It’s late in the evening when you get an unexpected mid-week call from your first-year college student. Recently he hasn’t had much good to say about his roommate (the guy is noisy, inconsiderate, a slob, you name it), and now he tells you he’s had it. He can’t stand it another day — he wants to move to a new room NOW.
Take a deep breath, and advise your student to do the same.
For many college students, living in residence halls or off-campus apartments is their first experience being away from home, and for some it’s also the first time dealing with a roommate. Conflicts small and large are bound to occur as students learn to work and live together in a small shared space.
When our students are upset, it can be hard to keep our own emotions under wraps, but at a moment like this, a parent’s job is to encourage a student to deal with this roommate conflict — like all interpersonal issues — in a mature, intentional manner. Easier said than done, of course — most of us are still working on these skills well into middle age! The silver lining for your student is that learning how to handle a roommate conflict will help him develop skills that will be valuable in personal and professional relationships all through his life.
Here are suggestions for talking your student through common roommate problems
Remember, too, that though you may be far away, there is support for your student on site — colleges and universities employ trained staff known as RAs (Resident Advisors/Assistants) or HDs (Hall Directors) to help mediate disagreements and facilitate healthy and productive friendships.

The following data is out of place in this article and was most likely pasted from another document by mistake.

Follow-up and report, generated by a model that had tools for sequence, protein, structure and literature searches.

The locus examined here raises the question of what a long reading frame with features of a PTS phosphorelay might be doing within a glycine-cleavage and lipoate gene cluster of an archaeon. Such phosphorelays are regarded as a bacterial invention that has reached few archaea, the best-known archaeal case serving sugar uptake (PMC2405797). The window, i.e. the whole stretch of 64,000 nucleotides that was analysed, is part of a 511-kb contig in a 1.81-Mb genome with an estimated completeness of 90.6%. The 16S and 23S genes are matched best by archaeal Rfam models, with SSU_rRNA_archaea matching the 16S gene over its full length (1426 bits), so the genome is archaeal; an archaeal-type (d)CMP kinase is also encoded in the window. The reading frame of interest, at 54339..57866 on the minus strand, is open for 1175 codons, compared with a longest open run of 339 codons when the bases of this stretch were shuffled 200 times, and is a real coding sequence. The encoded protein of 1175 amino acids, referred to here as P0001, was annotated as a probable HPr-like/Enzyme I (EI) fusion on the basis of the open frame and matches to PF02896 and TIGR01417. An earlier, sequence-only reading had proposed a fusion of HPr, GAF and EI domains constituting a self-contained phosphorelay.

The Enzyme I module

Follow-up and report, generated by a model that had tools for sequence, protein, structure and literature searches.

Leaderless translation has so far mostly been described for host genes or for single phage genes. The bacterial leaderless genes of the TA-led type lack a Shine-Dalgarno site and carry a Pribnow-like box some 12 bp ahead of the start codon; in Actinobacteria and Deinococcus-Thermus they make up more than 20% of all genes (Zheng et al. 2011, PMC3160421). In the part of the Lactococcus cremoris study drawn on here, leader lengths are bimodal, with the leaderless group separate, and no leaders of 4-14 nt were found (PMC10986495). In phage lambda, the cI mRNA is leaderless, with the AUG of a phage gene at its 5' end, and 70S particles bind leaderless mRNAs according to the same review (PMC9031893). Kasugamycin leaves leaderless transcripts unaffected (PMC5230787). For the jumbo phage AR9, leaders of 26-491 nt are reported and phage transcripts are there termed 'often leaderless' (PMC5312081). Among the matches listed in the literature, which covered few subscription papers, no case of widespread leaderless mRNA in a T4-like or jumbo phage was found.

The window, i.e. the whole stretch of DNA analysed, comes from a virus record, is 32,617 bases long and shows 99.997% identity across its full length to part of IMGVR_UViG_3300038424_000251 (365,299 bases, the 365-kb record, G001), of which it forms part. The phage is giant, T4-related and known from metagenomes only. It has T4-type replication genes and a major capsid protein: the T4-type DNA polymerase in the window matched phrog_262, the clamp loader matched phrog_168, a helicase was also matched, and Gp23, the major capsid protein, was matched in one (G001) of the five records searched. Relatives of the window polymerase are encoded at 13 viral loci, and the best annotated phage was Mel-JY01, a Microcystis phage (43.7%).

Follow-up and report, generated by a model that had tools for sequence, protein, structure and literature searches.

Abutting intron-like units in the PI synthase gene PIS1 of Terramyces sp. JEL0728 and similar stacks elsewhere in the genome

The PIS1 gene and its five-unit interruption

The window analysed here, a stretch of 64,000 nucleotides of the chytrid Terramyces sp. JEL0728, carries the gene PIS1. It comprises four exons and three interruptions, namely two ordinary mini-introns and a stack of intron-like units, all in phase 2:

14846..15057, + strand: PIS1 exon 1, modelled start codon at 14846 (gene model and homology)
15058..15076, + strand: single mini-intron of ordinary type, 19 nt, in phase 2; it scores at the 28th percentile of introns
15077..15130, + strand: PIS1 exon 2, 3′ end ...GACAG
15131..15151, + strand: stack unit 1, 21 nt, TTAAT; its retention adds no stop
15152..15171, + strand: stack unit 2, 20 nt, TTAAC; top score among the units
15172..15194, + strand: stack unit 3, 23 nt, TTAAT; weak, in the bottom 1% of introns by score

Press the pause button.
Discussions held in the heat of the moment can quickly escalate into arguments that are difficult to fix. Help your student by stressing the importance of a cool-off period. This isn’t the same thing as being passive. Concerns should be addressed, but with a level head.
More communication can be better communication.
A lack of communication is at the heart of many roommate conflicts. Encourage your student to talk openly and honestly with his roommate. Discussing expectations and experiences can go a long way toward defusing a situation and resolving the conflict. If things have gotten too awkward or tense, it can be a great time to seek out the support of the RA or HD.
List the specific roommate problems.
Counsel your student to be specific when discussing roommate conflicts. Breaking the problem down into smaller, more manageable parts can help. The crux of the issue could be something as simple as a personal habit or scheduling issue — easily resolved with some flexibility and direct communication.
Be willing to negotiate.
Negotiation skills serve us well throughout life. Urge your student to be willing to negotiate and give some ground where appropriate. Roommate conflicts are a two-way street — being able to compromise is key to forging a better relationship.
Consider a roommate contract.
In some cases it’s helpful to have all expectations spelled out in black and white. A roommate contract may be just the thing to pull your student and his roommate through this difficult patch (and help them avoid more conflict in the future).
Many colleges include a sample roommate contract on the residential life website page — RAs and HDs can assist with this, too.
Thankfully, by the time you and your student hang up the phone, you’ve both calmed your heart rates a bit. You’ve listened patiently, heard your student’s side of the story, and had an opportunity to coach him through a tough spot. You’ve let him know you’re confident he can handle the challenge of working things out with his roommate. Now you can both get some sleep.